Raegen Pietrucha wins Two of Cups Press Poetry Chapbook Contest 

Raegen Pietrucha’s An Animal I Can’t Name is a beautiful collection of articulate, courageous verse that shares some dark and devastating moments of the human experience, in particular of the family.

“There is no / other story. Best to never / be, but here you are, / and the swells are hissing. / This water was never hesitating, just building / and building – then, unzipping, snickering / at you, the prey it ached to drown in its dark.”  

These poems enact the striving and struggling to name and communicate life’s trials: “I couldn’t speak what I feared most / believed speaking made real / summoned things into being again.” Lucky for her readers, Raegen’s poems persevere to revisit and respond to family and home. In the end, this work reflects not a full healing but a grappling through: “reinforcing a fortress with these pitchy songs.” It is a rare achievement to create poetry that is merciless without being gratuitous, that is honest about the damage done but without sentimentality. We’re pleased to congratulate Raegen on her chapbook and her award and look forward to seeing more from her. Order a copy of An Animal I Can’t Name through the Two of Cups Press website. (Other poems of Raegen’s were published in issue 14 of Monday Night.)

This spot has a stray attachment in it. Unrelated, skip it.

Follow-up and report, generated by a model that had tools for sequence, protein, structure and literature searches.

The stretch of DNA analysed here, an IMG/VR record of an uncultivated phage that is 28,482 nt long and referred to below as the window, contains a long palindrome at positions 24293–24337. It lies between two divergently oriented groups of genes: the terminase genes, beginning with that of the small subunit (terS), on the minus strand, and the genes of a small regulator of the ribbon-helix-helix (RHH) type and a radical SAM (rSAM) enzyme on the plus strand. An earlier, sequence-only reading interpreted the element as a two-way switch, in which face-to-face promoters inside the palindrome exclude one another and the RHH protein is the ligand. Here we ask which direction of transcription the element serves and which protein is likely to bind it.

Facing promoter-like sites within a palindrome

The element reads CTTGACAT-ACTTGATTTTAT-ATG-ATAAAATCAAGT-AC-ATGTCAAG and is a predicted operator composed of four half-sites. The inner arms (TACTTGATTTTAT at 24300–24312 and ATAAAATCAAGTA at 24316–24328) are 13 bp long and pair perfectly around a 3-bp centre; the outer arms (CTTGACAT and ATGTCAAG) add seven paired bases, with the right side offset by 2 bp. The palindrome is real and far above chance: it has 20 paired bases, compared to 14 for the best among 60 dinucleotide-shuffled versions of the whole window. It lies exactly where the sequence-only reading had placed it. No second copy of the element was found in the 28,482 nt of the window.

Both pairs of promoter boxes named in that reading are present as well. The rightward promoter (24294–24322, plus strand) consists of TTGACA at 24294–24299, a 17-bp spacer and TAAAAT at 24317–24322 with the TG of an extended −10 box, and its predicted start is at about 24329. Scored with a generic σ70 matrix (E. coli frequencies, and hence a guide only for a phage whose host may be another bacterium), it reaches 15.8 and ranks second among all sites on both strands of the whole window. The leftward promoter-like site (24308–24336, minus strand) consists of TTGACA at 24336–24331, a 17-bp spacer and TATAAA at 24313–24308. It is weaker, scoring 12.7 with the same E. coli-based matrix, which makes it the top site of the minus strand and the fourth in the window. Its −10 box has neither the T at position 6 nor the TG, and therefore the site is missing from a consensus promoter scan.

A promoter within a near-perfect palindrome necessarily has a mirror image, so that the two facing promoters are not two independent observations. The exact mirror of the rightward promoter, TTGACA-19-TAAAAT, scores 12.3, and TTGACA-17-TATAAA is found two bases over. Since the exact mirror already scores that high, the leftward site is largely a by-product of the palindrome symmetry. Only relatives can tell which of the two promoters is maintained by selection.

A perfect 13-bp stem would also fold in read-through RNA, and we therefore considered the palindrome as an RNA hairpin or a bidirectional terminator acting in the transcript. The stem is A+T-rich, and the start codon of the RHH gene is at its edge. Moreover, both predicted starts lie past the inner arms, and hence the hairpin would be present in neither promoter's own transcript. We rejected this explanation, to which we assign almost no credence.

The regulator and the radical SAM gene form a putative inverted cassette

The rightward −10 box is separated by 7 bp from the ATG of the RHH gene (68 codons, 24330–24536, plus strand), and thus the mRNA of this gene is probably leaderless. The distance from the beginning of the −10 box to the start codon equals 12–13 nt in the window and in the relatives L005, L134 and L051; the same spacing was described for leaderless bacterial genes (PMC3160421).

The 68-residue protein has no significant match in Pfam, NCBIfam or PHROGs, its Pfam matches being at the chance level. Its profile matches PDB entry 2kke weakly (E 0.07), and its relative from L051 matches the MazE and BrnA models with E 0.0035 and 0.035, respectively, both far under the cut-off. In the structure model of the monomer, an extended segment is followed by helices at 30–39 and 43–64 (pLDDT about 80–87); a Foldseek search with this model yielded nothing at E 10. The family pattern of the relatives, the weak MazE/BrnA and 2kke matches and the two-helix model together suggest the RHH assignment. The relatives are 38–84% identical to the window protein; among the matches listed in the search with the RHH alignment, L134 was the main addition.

strays by jennifer caloyeras

Congratulations to Jennifer Caloyeras, whose latest novel Strays was published in May 2015 by Ashland Creek Press. Jennifer’s story “The Sound of An Infinite Gesture” was published in Monday Night Issue 11.